Monday, December 21, 2015

Lies, Damn Lies, No 4

Well Carla has done it again.  I read her post this morning on how she endeavors to instill confidence in her daughter and she asked for comments, saying "what do you believe is one thing adults can do to help preserve girls’ self-esteem?"

I've been meaning to write a blog post.  My last post isn't what I really want on my home page.  This new post was going to be about some small changes I've implemented in my routine recently.  I've also been noodling on a post about 2016 goals (what with the new year looming, who isn't?)

So clearly it was time for a new post.  My attempt at a short comment in response to Carla's question, turned into THIS:

I once tried out for little league baseball.  My brothers were both super athletic and loved it, and one summer I thought maybe I'd give it a shot.  At tryouts (I didn't know then but I do now... there's no being "cut" from the team, you just get put in different leagues or on different teams based on your ability.)(As an adult, I have the language for this - it wasn't "tryouts"; it was a "skills assessment".)

But anyway, at tryouts, the first exercise was fielding the ball.  Kids lined up and one at a time, you went onto the field and some adult (a "coach"? was this The Coach?) hit 10 balls in your general direction for you to catch.  I was terrified of being hit in the face and didn't catch anything that came at me in the air.  Not the pop-ups, sure as hell not the line drive.  I think I actually just squeezed my eyes shut and held out my glove.  Balls 10; CPAGrrrl zero.

Next, he hit 10 ground balls in my general direction.  This I thought I had a chance at.
But I missed all of them.
Every.  Single.  One.
All.  TEN.
  • They went around me, 
  • They came at me faster than I expected, 
  • They went straight between my legs while I flailed with that glove in one hand and reached with my other, bare, hand in desperation.  

I failed.  
Like, really, REALLY failed.  
And in front of our entire neighborhood.
In front of my father and both my brothers. 

The whole process probably took less than 5 minutes but it seemed to go on for hours.  I don't think I'd ever been THAT bad at ANYthing before. I was beyond embarrassed.  More than that - I had a great vocabulary - I could list TEN different words for how I felt.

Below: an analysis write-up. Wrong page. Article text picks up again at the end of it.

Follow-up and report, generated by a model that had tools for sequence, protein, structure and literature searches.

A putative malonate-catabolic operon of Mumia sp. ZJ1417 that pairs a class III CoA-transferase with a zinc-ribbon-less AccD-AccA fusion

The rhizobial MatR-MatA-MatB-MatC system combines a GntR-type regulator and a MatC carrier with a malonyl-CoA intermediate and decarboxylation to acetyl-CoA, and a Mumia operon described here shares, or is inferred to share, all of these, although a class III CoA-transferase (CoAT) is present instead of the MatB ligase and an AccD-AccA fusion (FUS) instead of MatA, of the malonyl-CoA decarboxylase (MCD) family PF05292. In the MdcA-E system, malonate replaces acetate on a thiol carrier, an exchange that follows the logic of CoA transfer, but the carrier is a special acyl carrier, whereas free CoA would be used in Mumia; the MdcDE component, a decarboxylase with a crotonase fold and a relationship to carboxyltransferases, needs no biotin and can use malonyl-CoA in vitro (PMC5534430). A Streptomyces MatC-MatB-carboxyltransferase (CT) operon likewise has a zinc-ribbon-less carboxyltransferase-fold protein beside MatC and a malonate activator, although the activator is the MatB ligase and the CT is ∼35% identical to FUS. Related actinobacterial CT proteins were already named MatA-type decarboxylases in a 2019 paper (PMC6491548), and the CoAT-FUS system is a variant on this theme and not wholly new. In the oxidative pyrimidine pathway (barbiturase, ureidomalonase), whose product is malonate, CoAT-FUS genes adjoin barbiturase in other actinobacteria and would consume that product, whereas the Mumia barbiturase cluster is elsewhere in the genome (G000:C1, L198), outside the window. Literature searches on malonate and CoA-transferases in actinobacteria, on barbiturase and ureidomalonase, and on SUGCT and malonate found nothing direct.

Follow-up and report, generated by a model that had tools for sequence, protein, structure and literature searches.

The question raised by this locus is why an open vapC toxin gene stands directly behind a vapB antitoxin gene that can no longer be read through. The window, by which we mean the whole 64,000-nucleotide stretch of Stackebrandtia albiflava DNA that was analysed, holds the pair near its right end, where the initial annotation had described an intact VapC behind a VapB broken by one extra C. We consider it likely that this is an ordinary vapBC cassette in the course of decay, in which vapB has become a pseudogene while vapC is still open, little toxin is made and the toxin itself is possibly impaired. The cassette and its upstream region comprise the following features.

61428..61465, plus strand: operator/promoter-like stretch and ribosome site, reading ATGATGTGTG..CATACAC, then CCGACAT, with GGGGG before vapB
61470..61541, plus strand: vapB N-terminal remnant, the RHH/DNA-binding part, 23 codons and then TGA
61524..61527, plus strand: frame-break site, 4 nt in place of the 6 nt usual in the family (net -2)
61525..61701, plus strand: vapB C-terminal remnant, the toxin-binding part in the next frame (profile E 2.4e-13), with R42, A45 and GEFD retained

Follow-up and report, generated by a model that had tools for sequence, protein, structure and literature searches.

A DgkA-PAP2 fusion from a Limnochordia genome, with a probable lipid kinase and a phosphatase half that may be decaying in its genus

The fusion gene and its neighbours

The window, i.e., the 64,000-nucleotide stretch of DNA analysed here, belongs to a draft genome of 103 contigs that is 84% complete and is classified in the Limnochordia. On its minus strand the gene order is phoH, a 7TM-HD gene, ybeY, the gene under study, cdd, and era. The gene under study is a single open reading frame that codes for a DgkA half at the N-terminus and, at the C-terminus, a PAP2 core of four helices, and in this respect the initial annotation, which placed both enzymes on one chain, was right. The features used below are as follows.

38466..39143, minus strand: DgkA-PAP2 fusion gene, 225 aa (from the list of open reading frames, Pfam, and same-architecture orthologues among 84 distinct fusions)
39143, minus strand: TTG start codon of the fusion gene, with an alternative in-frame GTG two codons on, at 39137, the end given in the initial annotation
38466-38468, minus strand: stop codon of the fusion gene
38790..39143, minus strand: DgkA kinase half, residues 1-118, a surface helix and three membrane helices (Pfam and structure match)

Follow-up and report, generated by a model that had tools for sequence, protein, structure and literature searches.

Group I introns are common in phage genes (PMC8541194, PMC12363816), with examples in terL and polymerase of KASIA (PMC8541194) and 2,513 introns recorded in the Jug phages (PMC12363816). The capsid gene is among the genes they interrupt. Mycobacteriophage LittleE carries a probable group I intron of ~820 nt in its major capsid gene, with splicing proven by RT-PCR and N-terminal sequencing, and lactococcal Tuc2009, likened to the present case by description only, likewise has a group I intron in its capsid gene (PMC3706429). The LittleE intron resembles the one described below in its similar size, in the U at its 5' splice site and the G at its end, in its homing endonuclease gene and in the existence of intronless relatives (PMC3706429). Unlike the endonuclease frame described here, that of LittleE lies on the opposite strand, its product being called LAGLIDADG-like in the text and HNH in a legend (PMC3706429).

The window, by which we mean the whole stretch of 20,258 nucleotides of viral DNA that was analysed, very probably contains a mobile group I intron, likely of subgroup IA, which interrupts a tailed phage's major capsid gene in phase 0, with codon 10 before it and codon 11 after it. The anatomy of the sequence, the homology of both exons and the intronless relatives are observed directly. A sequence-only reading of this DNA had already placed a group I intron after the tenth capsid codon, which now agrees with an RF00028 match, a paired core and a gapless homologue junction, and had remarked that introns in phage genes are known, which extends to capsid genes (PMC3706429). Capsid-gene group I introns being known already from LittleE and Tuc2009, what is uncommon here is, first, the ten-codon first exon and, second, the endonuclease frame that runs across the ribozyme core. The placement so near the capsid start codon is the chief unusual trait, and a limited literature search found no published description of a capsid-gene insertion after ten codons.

I was mortified.
I was crushed.
I was humiliated.
I was ashamed.

I tried to hold my head up as I got back in line for the next round, our turn to hit.  The kid in front of me - I can't recall his name but I knew him from the neighborhood (and we were not friends) - he said something, berating me for not even being able to pick up a ground ball.

That was it.  I burst into tears as my father walked up.  I imagine he was saying something cheerful and encouraging.  I also imagine he had no idea what to do with a crying potential-ballplayer.  I imagine how confounded he must have felt.  (Basing this primarily on my own utter confusion any time someone begins crying in a situation where it's the last thing I'd expect.)  I don't know if he asked me if I wanted to leave, or if I said I wanted to or what.  But that's what happened next; I went home.  Baseball tryouts:  OVER.

I've learned to enjoy watching baseball.  But I've never been part of a team sport.  I was on a youth football cheer squad.  But my mom was the coach.  I'm not sure I ever really gave myself credit for that.  (Perhaps I should have.  Perhaps I should still. Perhaps I should.)  In high school, I started tryouts for the volleyball team, but quit before the first cut.  I have never joined in a company softball game.  The physical activities I participate in now are all individual - running, walking, biking, swimming.  I rarely even join a class at my gym.  This stuff isn't "my dad's fault."  Hell, I wouldn't say any of this stuff is even a negative outcome.  But I believe this stuff was influenced by the outcome of that day.  I wish my future choices had been influenced by a moment where I stayed in that line, even though I didn't want to.  I might have found out I was better at hitting the ball.